Hans von Sonntag | 04.09. 2023

Today, neither the speed nor scale of peatland restoration is anywhere near what is needed to meet the Paris Agreement’s goal of limiting global warming to well below 2°C. Europe must scale up its peatland restoration activities by orders of magnitude to stop its degraded peatlands from emitting climate-harming greenhouse gases.

Eurosite believes that partnering with landowners, investors, and project developers is crucial for building scalable models for peatland restoration and accelerating the regeneration of Europe’s most important natural climate solution.

Led by Inga Račinska, Eurosite’s new Peatland Restoration Accelerator (EPRA) partners with AECO to combine project development know-how, financial acumen, and capital access for scaling up peatland restoration efforts. There are multiple challenges to large-scale peatland restoration in Europe:

    • Agricultural path dependency: Peatlands have historically been drained for farming. Restoring them threatens current business models and cultural traditions, particularly where the farm use of peatlands has become integral to people’s livelihoods and identities.
    • Risk aversion: Stakeholder groups resist policy changes with unclear effects on the profitability of future land uses. Rewetted peatlands today offer limited options to generate income, as wet agriculture in Europe is still in its infancy, aside from small-scale pilot projects.
    • Fragmentation: Ownership of peatlands is often scattered and spread across multiple jurisdictions. Coordinating restoration efforts on the catchment level is thus a complex and time-consuming enterprise.
    • Funding: Financing peatland restoration is an administrative challenge despite the availability of European and national public funding programmes. Involving the private sector is crucial because public money is insufficient to bridge the funding gap.
    • Awareness: Unlike reforestation, peatland rewetting is still a niche topic, largely overlooked by the public and policymakers.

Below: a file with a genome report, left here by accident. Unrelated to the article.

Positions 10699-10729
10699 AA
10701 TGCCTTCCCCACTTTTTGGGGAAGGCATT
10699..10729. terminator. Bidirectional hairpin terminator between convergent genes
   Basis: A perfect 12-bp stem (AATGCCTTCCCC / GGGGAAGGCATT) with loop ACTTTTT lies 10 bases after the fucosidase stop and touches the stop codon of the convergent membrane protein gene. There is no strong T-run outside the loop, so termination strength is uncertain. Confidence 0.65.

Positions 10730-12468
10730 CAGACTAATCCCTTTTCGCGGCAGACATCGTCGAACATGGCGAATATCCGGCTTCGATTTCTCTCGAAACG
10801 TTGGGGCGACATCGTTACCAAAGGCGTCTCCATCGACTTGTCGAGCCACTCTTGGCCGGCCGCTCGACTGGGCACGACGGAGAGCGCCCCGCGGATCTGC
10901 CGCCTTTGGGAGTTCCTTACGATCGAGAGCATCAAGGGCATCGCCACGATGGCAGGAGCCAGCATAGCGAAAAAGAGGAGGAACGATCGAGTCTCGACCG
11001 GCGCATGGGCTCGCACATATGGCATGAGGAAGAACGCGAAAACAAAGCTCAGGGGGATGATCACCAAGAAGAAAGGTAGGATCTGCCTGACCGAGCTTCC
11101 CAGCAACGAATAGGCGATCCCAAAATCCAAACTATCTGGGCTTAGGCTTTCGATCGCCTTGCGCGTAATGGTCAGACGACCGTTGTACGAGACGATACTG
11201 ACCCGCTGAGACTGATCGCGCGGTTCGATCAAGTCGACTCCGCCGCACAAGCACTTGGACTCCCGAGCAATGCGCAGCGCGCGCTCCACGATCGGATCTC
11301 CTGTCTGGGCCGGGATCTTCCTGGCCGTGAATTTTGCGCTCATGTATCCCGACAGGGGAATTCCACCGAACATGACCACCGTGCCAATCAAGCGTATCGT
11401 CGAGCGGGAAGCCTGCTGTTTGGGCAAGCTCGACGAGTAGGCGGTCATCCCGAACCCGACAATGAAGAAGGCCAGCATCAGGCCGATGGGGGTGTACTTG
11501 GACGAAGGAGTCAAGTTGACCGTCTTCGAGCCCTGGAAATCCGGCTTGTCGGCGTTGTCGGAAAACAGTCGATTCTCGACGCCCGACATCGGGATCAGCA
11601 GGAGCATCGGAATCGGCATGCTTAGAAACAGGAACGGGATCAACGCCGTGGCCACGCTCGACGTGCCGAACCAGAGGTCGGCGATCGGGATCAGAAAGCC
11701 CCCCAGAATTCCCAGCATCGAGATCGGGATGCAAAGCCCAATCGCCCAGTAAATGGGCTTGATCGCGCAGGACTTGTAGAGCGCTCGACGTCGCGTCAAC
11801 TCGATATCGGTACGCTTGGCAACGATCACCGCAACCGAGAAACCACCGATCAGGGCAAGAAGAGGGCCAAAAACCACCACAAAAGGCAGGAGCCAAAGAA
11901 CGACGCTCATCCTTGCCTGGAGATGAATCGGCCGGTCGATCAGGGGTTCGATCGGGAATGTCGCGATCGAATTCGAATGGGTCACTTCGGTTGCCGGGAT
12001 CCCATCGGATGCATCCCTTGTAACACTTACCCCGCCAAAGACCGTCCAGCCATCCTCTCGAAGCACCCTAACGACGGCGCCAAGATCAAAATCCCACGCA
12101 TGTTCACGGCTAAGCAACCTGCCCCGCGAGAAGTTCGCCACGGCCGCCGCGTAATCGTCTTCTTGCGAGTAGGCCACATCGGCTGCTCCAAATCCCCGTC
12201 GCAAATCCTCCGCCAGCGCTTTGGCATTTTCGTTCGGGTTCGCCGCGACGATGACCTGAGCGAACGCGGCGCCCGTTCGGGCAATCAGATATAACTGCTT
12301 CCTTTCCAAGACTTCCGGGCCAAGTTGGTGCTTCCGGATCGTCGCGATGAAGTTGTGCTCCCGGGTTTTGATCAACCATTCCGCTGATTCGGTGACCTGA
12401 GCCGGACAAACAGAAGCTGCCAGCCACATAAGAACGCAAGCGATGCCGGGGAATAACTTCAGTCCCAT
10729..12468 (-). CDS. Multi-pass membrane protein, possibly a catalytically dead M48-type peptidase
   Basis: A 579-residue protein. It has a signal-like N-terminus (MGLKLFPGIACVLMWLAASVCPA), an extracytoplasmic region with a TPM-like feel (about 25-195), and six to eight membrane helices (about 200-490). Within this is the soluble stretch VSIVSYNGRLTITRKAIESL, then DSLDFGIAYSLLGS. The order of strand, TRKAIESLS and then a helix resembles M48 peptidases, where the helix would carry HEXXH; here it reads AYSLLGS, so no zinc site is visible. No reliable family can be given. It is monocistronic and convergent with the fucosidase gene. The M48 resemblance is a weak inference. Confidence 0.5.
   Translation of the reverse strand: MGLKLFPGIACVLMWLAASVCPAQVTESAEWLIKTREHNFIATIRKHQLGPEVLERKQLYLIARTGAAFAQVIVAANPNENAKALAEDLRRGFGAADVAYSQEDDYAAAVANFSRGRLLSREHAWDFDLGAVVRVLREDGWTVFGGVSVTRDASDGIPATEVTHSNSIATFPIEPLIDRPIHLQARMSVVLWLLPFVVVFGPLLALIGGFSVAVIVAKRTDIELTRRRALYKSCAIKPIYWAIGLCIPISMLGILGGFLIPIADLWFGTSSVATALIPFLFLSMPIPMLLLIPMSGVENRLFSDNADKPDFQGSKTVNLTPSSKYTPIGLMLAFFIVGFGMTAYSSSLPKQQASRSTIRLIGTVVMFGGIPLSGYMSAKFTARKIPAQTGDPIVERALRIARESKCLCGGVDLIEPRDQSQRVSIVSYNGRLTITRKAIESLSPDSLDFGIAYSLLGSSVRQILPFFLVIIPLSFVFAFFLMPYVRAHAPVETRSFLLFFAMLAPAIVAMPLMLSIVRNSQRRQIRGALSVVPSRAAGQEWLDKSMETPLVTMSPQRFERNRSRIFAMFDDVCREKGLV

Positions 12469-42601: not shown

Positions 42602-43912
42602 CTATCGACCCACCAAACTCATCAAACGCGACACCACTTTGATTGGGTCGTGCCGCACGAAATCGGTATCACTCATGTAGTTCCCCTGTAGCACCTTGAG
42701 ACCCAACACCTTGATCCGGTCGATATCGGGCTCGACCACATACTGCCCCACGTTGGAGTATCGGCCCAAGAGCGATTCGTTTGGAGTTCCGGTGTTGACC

• Capacity: Peatland restoration requires significant upfront investments during the early stages of project development. While it is comparatively easy to find funding for mature projects, there is a shortage of seed funding to create the necessary capacity for delivering a pipeline of investable projects.
Winterly farmland in Northern Germany 2022. As the drained carbon-based soil loses its protecting water, it oxidises to CO2 and other greenhouse gases, and the farmers literally lose their land to the atmosphere. Photo Hans von Sonntag


Eurosite helps members scale up peatland restoration

Eurosite intends to tackle those challenges by assisting peatland restoration practitioners in developing investable projects. We connect them to funders, raise public awareness of the urgency of peatland restoration and explore alternative business models on rewetted peatlands. Thus, we help our members build the capacity to scale peatland restoration across Europe.

Our funding models are tailored blended finance solutions, allowing landowners, land users and local communities to participate in the value generated from restoring ecosystem functions.

Peatland restoration requires navigating a complex mix of technical, economic, and political factors, not to mention embedded social norms and identities. Eurosite and AECO aim to unite stakeholders, designing each restoration project to rejuvenate community identities, strengthen local economies, offer farmers a sustainable future, and reduce greenhouse gas emissions.

If you are interested, don’t hesitate to get in touch with the coordinator of Eurosite’s Peatland Restoration Accelerator, Inga Rainska at iracinska@eurosite.org